The invention also discloses a biometric face recognition process to be used by a greeter which is comprised of a series of steps. The steps include providing a customer recognition system (CRS) 30, imaging a customer 130 with the CRS 30, determining the customer's identity using the customer image and CRS 30, sending a message from the CRS 30 to the greeter 20 containing the customer's identity and the customer's information when a positive identification is made. The greeter 20 may then greet the customer with a personal greeting.

The biometric face recognition process may further comprise additional steps. The steps include providing a credit/debit card reader 60 operatively associated with the CRS 30. Obtaining information about the customer 130 from the credit/debit card reader 60, followed by associating the customer's image with the information obtained from the credit/debit card reader 60. The customer's image and information obtained by the credit/debit card reader 60 is then stored in the CRS 30.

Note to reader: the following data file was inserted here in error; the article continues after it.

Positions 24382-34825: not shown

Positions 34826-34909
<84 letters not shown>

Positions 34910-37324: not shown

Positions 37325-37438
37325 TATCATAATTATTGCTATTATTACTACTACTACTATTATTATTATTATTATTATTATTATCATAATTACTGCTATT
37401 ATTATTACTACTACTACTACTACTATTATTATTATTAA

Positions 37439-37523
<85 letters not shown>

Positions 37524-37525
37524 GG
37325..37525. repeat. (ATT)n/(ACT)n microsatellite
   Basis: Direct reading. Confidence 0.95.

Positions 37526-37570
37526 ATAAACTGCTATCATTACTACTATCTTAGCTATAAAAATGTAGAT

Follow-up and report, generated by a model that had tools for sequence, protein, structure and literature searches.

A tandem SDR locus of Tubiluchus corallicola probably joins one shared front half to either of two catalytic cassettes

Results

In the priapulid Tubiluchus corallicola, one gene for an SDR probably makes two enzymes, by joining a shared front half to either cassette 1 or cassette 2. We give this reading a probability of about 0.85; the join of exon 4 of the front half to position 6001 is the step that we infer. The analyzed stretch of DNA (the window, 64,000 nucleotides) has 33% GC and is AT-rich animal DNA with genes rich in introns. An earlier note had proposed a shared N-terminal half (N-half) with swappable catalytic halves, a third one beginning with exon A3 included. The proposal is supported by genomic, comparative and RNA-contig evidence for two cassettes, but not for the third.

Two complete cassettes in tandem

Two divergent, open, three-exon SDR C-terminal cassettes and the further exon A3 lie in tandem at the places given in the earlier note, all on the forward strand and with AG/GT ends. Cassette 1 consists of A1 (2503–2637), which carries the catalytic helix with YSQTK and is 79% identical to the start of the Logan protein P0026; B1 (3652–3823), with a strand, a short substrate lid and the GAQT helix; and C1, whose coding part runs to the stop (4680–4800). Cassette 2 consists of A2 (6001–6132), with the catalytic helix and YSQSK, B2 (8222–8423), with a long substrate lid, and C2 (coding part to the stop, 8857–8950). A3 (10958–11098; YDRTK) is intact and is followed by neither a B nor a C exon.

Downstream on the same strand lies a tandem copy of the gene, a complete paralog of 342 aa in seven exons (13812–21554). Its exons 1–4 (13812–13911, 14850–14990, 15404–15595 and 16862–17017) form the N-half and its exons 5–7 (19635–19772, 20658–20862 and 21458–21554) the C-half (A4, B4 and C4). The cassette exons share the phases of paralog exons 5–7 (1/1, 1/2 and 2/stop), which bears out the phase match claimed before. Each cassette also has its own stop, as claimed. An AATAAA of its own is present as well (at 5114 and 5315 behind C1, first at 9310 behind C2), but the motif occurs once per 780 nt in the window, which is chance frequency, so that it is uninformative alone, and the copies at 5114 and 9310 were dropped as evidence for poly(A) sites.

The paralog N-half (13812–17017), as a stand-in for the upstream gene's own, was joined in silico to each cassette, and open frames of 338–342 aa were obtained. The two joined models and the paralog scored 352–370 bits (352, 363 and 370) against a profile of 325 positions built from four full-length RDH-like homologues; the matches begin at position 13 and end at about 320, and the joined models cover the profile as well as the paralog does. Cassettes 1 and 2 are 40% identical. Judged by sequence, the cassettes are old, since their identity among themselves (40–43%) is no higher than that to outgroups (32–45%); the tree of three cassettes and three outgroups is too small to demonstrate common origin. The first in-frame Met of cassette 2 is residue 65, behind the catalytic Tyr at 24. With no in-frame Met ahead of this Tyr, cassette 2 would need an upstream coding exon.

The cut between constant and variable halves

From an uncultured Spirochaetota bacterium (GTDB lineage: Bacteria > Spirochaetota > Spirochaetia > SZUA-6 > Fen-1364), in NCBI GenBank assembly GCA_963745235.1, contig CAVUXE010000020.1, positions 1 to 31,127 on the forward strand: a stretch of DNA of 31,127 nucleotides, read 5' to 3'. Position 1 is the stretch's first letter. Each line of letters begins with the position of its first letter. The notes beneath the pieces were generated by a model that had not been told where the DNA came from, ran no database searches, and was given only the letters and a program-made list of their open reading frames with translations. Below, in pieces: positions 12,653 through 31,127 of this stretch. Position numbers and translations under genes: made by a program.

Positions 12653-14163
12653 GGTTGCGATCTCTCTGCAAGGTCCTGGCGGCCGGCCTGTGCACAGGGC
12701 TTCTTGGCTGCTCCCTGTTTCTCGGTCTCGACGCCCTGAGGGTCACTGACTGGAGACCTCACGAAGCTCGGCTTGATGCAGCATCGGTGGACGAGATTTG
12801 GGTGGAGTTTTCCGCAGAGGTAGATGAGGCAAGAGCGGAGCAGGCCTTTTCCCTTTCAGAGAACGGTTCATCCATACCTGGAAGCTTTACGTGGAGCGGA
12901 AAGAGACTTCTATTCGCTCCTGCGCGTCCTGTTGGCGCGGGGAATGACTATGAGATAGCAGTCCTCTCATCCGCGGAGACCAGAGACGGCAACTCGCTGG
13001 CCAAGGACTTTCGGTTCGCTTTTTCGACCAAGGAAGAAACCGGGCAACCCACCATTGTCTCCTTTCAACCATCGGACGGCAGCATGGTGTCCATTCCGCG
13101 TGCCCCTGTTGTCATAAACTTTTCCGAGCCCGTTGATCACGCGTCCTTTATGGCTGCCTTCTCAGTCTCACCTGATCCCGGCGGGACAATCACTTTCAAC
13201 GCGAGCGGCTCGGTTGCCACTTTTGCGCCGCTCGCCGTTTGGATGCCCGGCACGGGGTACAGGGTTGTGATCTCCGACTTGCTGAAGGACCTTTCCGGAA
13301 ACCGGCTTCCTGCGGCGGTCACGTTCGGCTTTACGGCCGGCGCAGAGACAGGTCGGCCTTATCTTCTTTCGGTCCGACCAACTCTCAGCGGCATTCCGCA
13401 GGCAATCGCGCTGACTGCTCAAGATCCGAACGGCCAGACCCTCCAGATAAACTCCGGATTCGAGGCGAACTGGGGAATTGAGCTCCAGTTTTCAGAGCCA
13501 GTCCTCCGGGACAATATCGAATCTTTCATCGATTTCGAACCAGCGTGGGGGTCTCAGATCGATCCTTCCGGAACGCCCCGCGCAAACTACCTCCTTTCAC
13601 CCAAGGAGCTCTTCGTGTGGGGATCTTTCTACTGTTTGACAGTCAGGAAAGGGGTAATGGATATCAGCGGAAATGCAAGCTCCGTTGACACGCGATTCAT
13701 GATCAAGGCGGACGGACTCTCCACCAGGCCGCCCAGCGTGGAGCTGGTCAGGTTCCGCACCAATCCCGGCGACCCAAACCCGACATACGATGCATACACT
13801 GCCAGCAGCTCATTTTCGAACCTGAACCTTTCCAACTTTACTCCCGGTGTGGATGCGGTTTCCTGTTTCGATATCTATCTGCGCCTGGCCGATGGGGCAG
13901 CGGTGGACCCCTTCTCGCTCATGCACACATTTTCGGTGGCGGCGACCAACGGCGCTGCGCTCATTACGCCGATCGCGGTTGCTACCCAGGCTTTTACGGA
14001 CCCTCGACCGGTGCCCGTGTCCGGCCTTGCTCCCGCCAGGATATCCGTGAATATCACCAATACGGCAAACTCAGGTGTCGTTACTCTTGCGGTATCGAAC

The invention also discloses an additional biometric face recognition process to be used by a greeter which is comprised of a series of steps. The steps include imaging a customer 130 as said customer enters a retail outlet using one or more of the plurality of cameras 40 from the CRS 30. The image is sent to the CPU 50 where it is compared to previously obtained images (e.g., database images, first images) by the biometric face recognition program 70. If a match is found, the CPU 50 sends a message to the greeter 20 containing the customer's identity and information. The greeter 20 may then greet customer 130 with a personalized greeting. In one embodiment, the greeter 20 is provided with a terminal 110 having an input terminal 114 and an output terminal 118. In another embodiment, the customer 130 may be imaged anywhere within the retail outlet. In yet another embodiment, the customer 130 may be imaged outside of the retail outlet.